Master's Theses

Date of Award

Summer 1959

Degree Name

Master of Science (MS)




Committee Chair


Salt cedar (Tamarix pentandra Pall.) is a phreatophyte which has created a major water conservation problem in the southwestern part of the United States. This plant has the ability to adapt to many different types of habitats. It may be found growing in xeric chalkflats, in heavy clay loam soils, and in mesic sandbars near streams. It was the purpose of this study to determine any variation in the internal anatomy of the plant due to a difference in the habitat in which it was growing. Two distinct habitats, a mesic sandbar and an upland shelterbelt, were selected to measure the differences in the internal anatomy. Samples of the roots, stems, and leaves from each habitat were collected and placed in F. A. A. solution. The samples were then sectioned, stained, and mounted on slides. The diameter of the vessel tubes, the length of the vessel tubes, the number of vessel tubes per unit area, and the thickness of the cork tissue were the criteria used to measure the difference between the roots and stems of plants growing in the two habitats. Criteria used to measure the difference in the anatomy of the leaf were the thickness of the cuticle, the number of stomata per unit area, the thickness of the palisade and spongy parenchyma, and the amount of intercellular air spaces. Numerous measurements were made of each criteria and standard deviations and standard errors were calculated. All significant results were significant at the five percent level of confidence. There was a significant difference in the vessel diameter, vessel length, and the thickness of the cork tissue in both the root and the stem from the two different habitats. In both the root and the stem, there was no significant difference in the number of vessels per unit area. There was very little differentiation in the anatomy of leaves from the two habitats. There was a slight difference in the thickness of the cuticle and a significant difference was found in the amount of intercellular air spaces in the spongy parenchyma. The roots and stems of plants growing in the mesic habitat had thicker cork tissue, smaller diameter vessels, and slightly longer vessels than the roots and stems from the plants in the shelterbelt. The leaves of the plants from the mesic habitat had thinner cuticle layers and larger intercellular air spaces than those collected in the shelterbelt.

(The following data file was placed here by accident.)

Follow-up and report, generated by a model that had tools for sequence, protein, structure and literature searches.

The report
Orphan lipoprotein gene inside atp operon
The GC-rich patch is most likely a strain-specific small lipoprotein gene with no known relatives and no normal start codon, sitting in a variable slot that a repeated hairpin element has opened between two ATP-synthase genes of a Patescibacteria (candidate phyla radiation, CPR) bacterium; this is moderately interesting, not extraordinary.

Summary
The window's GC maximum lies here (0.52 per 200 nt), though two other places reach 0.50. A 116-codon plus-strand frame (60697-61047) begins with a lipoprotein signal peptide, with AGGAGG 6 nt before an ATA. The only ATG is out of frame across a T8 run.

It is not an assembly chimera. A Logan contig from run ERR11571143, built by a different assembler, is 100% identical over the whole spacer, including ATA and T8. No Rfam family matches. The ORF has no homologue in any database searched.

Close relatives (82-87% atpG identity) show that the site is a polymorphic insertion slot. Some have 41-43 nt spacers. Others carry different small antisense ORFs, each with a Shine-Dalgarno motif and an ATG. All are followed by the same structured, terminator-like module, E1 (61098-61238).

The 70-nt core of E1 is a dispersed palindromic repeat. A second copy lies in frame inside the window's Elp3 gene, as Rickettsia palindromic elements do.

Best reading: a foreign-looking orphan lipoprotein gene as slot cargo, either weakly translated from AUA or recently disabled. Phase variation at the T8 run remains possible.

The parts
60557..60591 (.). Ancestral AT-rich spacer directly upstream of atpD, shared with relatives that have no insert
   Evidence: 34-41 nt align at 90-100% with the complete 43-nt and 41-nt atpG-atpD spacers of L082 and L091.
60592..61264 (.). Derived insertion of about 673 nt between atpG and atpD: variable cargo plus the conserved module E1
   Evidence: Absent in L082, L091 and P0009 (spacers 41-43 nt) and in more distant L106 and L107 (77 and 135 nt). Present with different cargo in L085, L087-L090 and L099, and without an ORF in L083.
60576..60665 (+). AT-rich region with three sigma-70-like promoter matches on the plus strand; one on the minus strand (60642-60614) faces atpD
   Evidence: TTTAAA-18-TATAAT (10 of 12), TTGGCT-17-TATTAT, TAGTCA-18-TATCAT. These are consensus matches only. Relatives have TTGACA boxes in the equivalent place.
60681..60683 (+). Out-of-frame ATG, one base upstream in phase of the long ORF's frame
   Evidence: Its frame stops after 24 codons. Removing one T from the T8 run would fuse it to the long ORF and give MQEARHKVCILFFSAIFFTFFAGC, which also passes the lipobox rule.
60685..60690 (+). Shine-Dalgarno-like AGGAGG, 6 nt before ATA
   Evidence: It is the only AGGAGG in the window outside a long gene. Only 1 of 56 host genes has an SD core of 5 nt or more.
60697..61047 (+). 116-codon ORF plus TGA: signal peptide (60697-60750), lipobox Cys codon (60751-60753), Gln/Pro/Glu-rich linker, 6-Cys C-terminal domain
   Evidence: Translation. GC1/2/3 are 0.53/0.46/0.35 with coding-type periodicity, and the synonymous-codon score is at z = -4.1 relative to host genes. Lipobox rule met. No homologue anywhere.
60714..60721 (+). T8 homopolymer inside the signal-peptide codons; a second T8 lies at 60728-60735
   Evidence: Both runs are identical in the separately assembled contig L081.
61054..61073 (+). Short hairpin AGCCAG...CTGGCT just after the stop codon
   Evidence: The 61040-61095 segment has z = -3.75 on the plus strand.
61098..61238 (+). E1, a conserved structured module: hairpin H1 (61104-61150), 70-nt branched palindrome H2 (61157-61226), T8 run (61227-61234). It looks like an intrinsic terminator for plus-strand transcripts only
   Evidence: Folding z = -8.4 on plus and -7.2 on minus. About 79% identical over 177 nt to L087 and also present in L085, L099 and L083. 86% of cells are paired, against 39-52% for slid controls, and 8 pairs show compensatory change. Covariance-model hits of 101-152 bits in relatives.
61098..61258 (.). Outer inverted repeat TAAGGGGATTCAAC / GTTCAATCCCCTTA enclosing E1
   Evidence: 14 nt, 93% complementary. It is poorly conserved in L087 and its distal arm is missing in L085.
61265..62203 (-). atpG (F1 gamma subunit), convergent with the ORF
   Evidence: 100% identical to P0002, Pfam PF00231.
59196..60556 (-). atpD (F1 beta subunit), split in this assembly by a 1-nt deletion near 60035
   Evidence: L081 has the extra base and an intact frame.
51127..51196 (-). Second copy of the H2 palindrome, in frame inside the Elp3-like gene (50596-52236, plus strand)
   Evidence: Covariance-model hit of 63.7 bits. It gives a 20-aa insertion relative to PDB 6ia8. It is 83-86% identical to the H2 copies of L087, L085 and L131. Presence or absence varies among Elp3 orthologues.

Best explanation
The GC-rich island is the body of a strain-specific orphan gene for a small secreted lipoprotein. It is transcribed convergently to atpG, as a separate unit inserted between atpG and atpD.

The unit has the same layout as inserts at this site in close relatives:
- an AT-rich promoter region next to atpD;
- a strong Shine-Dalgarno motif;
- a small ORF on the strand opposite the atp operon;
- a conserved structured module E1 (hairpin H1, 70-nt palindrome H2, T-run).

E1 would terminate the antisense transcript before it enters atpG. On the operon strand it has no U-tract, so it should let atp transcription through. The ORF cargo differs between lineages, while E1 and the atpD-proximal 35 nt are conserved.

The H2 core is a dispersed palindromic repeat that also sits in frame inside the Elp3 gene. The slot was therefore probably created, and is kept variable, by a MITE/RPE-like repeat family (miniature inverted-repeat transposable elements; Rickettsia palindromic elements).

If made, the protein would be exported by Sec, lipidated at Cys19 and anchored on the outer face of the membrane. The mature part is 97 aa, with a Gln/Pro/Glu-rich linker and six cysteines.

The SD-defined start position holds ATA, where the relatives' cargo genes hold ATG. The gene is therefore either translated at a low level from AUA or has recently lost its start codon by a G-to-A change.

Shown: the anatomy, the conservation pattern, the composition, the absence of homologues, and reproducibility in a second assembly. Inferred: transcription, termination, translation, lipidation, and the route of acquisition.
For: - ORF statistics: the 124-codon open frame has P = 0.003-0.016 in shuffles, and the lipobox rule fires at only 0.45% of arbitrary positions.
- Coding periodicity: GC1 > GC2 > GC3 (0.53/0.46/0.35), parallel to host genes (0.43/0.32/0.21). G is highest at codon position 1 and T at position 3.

Copyright 1959 Robert L. Ziegler


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